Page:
As excitement builds over Pfizer’s new jab, we get to the heart of what it all means and what you need to know
There is much to celebrate about Pfizer and BioNTech’s new Covid-19 vaccinewhich has been approved by regulators and will roll out next week.
The vaccine offers more than 90 per cent protection in early data, and the trial has found “no serious safety concerns” thus far and is in the final stage of testing, known as a phase 3 trial. It may be available for a limited number of people by the end of the year.
The news of its success rate was received with worldwide jubilation and hailed as “a victory for innovation and a global collaborative effort” by Prof Ugur Sahin, BioNTech co-founder and CEO.
But for vaccines to work, people must be willing to take them – (a take-up of at least 55 per cent, and probably higher, is thought to be needed to achieve herd immunity) – and after a tumultuous year, there are signs that some are hesitant.
Here, three medical experts answer some common questions surrounding the vaccine.
- Trudie Lang, professor of global health research at the University of Oxford, who works in malaria vaccine development and sat on the Ebola vaccine safety board
- Heidi Larson, professor of anthropology, risk and decision science at the London School of Hygiene and Tropical Medicine and director of The Vaccine Confidence Project
- Dr Michael Fitzpatrick, GP and author of MMR and Autism: What Parents Need to Know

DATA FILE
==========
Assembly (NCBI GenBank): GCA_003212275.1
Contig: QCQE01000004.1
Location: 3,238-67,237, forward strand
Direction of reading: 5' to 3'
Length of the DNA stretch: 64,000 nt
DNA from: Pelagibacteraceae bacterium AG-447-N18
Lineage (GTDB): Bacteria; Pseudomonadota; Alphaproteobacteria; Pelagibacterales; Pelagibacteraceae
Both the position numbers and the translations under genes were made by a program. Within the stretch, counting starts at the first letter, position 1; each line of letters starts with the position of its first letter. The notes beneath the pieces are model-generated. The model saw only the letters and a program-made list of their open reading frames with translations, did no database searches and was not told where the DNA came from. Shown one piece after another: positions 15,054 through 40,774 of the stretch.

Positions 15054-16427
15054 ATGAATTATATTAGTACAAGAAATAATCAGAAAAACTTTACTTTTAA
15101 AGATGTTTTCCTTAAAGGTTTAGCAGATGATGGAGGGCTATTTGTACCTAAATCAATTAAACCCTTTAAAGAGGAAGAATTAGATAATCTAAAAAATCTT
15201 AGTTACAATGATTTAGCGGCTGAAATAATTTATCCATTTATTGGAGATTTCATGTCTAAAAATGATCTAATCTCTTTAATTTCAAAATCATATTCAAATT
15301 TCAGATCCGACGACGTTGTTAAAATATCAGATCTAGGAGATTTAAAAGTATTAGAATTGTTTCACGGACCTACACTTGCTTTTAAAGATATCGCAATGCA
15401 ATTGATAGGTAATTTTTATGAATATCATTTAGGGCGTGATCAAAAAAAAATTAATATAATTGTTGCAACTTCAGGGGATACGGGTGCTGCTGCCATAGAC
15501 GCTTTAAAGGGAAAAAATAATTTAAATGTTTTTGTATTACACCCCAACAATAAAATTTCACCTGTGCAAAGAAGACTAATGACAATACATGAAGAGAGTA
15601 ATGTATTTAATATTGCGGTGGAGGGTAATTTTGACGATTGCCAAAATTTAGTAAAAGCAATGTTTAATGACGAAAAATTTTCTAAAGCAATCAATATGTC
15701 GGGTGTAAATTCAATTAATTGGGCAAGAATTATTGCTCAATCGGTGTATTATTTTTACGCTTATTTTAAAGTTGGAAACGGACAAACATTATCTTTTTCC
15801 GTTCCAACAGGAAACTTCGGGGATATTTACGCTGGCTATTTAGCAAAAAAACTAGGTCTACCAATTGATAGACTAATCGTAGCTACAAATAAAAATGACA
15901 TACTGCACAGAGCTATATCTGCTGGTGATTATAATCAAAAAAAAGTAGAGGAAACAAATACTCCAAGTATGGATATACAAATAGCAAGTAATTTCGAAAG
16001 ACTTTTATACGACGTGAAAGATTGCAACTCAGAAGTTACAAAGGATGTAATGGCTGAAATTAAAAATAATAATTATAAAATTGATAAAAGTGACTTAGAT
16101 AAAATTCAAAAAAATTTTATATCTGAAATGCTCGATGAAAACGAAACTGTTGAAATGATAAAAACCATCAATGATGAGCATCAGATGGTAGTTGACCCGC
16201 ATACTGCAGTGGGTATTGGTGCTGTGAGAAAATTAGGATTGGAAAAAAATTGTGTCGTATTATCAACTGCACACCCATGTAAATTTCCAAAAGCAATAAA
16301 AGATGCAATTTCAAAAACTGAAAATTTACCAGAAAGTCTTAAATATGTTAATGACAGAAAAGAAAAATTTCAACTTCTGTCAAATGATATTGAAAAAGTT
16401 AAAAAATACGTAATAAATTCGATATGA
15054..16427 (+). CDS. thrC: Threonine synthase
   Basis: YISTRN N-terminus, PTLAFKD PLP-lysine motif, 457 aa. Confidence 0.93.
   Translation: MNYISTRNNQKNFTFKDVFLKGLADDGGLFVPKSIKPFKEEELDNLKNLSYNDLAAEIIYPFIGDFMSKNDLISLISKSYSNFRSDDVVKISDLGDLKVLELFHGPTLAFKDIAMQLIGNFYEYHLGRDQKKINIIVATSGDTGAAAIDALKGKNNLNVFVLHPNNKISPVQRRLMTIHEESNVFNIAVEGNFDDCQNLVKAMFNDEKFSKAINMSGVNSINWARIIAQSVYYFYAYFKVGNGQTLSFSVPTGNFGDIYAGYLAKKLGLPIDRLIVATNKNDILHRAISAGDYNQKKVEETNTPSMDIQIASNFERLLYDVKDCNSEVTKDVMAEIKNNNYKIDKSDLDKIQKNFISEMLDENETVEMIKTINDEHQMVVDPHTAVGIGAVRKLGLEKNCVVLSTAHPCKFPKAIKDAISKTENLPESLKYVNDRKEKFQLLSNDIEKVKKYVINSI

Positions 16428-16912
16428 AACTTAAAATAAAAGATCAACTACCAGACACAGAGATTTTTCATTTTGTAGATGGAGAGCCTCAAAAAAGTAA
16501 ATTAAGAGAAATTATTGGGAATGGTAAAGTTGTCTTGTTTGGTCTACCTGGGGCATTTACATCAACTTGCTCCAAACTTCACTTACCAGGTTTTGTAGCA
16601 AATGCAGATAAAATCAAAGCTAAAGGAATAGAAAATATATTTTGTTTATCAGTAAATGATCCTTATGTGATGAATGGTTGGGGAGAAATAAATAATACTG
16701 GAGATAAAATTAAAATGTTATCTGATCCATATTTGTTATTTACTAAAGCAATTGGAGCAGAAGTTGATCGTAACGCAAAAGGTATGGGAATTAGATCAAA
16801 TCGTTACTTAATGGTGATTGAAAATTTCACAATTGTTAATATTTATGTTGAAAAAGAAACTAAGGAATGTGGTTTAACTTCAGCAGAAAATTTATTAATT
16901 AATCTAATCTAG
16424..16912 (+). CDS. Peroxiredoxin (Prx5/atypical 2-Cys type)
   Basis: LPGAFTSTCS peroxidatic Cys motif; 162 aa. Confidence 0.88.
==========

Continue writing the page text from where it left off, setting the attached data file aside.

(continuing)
How can we be sure the vaccine is safe when it’s been tested over such a short time?
Lang: The vaccine development pathways are well set out and every vaccine has to follow the same path and meet the same standards. Although it’s been incredibly fast, there definitely won’t be any short cuts. The single biggest change is how well science is collaborating and working as a collective organisation. With the Covid vaccine, we got a really good start because the genetic code was shared really quickly and the technology has already been used in cancer therapy.
And a key factor in how fast we’ve learned whether it works or not is the level of infection in the community, especially in the second wave, where there’s quite a bit of transmission.
This trial involved 43,538 people from diverse backgrounds (half of whom got the vaccine, while the rest received a placebo). That’s a good number to bring the required safety data.
Larson: New scientific technology and the funding that became available after the Ebola outbreak have made the process faster.
There are extremely rigorous safety measures around these trials. Some companies have got together and signed an agreement that says they will not be pushed by political processes.